To celebrate the Auckland Festival of Photography Two Rooms presents a survey of work by Megan Jenkinson. The exhibition encompasses new series of photo-collage works that originated from her experience as the Antartic Artist Fellow in 2005.
Jenkinson found herself in the company of scientists, whose research inspired an increasing awareness of the temporal nature of our existence. This, coupled with her reaction to the vast, minimal emptiness of the Antarctic environment itself, has inspired a range of work that she considers to be a post-romantic view of our engagement with nature.
Jenkinson’s work was first introduced to two Rooms during the group exhibition After Image. This exhibition explored the artist’s relationship to the mysteries of optical phenomen. In the Antarctic, freezing temperatures and low humidity produce dancing columns of light of various hues known as auroras. In her series Atmospheric Optics, Jenkinson recreates these magnificent spectral performances using billowing folds of fabric in rich greens pinks and purple superimposed over the crystal clear dry valleys of the Antarctic.
The works are as transient as the light displays themselves. Using a lenticluar lens, where the image is laminated on to a finely ridged plastic, the lights flicker and shimmer as the viewer approaches the work, then totally disappear. Equally as ephemeral are the Certain Islands. Early explorers to the Antarctic waters charted land forms only to be revealed later as mirages. Jenkinson scans fragments of mountains and bare rock outcrops of Antarctica into seascapes to create her own mythical land forms.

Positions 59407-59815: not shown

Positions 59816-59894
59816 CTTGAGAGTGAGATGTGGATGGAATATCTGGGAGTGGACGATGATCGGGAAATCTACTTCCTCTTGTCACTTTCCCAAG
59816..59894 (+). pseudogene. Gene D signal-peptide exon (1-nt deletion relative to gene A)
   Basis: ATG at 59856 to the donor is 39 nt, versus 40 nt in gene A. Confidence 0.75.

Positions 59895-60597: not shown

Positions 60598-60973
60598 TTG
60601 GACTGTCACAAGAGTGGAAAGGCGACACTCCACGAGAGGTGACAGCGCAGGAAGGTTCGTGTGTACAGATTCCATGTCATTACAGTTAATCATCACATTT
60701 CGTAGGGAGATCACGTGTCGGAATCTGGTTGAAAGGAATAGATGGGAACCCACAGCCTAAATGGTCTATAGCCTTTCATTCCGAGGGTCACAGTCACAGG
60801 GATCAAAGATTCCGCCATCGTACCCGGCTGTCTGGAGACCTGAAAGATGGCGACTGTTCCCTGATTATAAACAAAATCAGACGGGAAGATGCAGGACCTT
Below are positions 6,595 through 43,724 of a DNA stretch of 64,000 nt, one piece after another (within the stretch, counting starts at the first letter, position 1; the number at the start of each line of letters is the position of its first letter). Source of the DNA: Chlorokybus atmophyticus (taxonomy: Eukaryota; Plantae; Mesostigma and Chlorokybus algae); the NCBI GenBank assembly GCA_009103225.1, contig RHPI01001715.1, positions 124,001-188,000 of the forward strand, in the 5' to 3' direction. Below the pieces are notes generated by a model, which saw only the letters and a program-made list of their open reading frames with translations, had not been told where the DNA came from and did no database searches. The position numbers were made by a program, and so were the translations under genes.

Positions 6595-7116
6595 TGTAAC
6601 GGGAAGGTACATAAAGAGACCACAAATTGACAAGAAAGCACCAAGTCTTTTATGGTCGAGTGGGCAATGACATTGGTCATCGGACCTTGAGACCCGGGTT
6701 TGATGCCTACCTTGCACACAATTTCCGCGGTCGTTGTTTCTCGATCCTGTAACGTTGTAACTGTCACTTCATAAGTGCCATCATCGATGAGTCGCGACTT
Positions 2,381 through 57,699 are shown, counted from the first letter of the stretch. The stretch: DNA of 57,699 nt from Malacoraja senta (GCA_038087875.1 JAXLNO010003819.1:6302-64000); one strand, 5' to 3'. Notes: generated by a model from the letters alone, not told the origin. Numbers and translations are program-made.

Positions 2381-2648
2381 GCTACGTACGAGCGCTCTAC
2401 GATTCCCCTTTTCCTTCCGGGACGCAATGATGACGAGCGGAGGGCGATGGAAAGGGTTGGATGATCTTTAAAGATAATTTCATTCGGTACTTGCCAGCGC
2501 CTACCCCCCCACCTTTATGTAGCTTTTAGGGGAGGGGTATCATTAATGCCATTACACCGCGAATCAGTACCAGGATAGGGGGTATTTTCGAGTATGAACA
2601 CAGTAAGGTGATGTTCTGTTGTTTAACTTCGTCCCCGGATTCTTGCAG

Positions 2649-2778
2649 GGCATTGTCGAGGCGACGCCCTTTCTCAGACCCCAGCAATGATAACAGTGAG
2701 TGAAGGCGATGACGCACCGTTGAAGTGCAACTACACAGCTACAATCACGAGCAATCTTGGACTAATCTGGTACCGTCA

Her Ocean Worlds and Weight of Water series also explore other permutations of the world where raised sea levels and floods create new orders. Submerged cities come into view, just visible below the water. Venice and Auckland have finally succumbed to the ocean. Strange jellyfish like creatures inhabit watery worlds where the icons of our civilization, cathedrals, mosques and modernist buildings, now occupy the ocean floor.
Past and future combine. The flood is both a biblical story and a future prophesy of apocalyptic proportions. These works extend the boundaries of photography beyond the purely visual and merge ideas and narrative with an extraordinary technique.